The U.S. Senate’s first spending bill of 2016 allocates $261 million more than President Barack Obama requested and lacks significant conservative amendments, but it still sailed to passage Thursday in the Republican-led chamber.

An overwhelming number of senators on both sides of the aisle approved the energy and water development appropriations bill, by a vote of 90-8. Conservatives had objected to the higher spending levels and lack of policy riders in the weeks leading up to the vote.

In the end, it didn’t seem to matter.

It’s a victory for Republican leadership and an initial step toward achieving their goal of funding the federal government by passing 12 appropriations bills.

Kelsey Lucas / Visualsey for The Daily Signal

Kelsey Lucas / Visualsey for The Daily Signal

Moving legislation and avoiding fights has been a top election year priority for Majority Leader Mitch McConnell. The Kentucky Republican wants the Senate to prove that Republicans can govern by avoiding a one-and-done omnibus spending package at the end of the year.

But the energy and water bill received little fanfare from Senate conservatives. They complain that the measure, which funds the U.S. Army Corps of Engineers and the Department of Interior, spends $261 million more than even Obama requested.

Sen. Mike Lee described the legislation as “simply unacceptable in a time of rising debt and slower economic growth.”

The Utah Republican told The Daily Signal that “we’re never going to get our nation’s rising deficits under control until we can stick to our previous agreements on spending levels,” referring to the limits set in the 2011 Budget Control Act.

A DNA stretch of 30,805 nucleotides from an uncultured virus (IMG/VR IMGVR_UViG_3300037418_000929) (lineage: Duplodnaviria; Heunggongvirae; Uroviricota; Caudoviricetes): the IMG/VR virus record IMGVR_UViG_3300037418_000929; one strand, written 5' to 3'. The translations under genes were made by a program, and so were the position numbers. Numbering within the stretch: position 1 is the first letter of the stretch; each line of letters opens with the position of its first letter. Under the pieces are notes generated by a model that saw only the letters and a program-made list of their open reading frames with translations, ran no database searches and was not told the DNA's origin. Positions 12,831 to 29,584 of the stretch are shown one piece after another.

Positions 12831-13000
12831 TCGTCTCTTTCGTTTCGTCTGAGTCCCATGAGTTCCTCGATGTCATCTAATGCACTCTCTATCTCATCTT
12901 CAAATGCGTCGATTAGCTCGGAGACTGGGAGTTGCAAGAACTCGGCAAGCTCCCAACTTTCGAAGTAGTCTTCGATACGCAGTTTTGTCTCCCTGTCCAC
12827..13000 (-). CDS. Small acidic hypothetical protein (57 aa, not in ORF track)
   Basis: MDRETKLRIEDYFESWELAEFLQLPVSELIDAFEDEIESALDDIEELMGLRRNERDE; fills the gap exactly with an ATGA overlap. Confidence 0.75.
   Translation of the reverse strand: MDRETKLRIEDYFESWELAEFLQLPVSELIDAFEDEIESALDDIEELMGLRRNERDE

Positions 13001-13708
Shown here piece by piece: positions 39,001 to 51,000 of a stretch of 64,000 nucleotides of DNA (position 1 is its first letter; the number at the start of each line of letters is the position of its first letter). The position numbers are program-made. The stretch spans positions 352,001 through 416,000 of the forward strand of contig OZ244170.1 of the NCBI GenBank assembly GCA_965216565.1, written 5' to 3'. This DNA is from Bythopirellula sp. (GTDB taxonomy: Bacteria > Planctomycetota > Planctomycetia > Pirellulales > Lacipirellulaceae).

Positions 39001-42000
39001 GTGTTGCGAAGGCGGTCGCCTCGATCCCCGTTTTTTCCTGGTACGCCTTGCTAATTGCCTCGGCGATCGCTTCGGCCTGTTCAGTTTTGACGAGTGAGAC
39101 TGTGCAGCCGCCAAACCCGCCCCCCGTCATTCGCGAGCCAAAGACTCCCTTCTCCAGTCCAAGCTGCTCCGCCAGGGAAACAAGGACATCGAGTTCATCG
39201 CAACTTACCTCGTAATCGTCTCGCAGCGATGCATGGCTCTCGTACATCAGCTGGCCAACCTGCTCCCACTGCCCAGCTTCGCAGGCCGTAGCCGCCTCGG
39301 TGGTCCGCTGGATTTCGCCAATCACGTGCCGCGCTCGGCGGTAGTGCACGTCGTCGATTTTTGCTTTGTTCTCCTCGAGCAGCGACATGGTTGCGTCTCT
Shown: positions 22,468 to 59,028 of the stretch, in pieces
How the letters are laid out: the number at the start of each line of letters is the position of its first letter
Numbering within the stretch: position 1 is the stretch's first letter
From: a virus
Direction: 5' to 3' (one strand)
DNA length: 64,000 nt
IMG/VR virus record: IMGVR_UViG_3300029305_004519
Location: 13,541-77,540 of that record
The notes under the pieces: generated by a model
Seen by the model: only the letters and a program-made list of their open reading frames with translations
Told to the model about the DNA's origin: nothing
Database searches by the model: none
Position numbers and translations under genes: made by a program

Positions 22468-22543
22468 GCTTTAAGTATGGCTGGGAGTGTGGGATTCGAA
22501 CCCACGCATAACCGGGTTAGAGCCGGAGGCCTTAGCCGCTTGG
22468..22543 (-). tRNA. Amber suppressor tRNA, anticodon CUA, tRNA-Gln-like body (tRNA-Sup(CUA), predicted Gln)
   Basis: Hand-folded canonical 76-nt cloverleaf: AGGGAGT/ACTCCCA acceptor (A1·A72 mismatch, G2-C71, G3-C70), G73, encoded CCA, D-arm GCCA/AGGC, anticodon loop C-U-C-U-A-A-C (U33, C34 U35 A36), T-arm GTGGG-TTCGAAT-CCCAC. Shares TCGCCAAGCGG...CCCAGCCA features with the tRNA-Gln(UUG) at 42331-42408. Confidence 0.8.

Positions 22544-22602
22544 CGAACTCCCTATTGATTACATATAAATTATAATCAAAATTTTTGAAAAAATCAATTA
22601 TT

Voting no along with Lee were seven other Republicans: Ted Cruz of Texas, Deb Fischer of Nebraska, Jeff Flake of Arizona, Arthur Heller of Nevada, Rand Paul of Kentucky, Ben Sasse of Nebraska, and Jeff Sessions of Alabama.

Sens. Barbara Boxer, D-Calif., and Bernie Sanders, I-Vt., did not vote.

Though Congress has not passed a budget resolution, the Senate started advancing spending bills at levels established in the 2015 Bipartisan Budget Act, which increased government discretionary spending by $30 billion above the 2011 caps.

Still, Sen. James Lankford, R-Okla., told The Daily Signal he is glad the appropriations process finally got off the ground.

“This is the first time this appropriation bill has passed the Senate since 2009,” Lankford, who sits on the Appropriations Committee, explained. “To avoid last-minute continuing resolutions, backroom deals, and omnibus bills, we must move bills through a regular-order appropriations process.”

The bill’s passage also marks a victory for Sen. Lamar Alexander, R-Tenn., and Senate Democrats who have labored to keep appropriations bills “clean” of controversial policy riders.

Sen. Tom Cotton, R-Ark., almost thwarted that effort. His amendment would have barred the federal government from using funds allocated in the spending bill to purchase heavy water from Iran, a key component to the production of a nuclear weapon.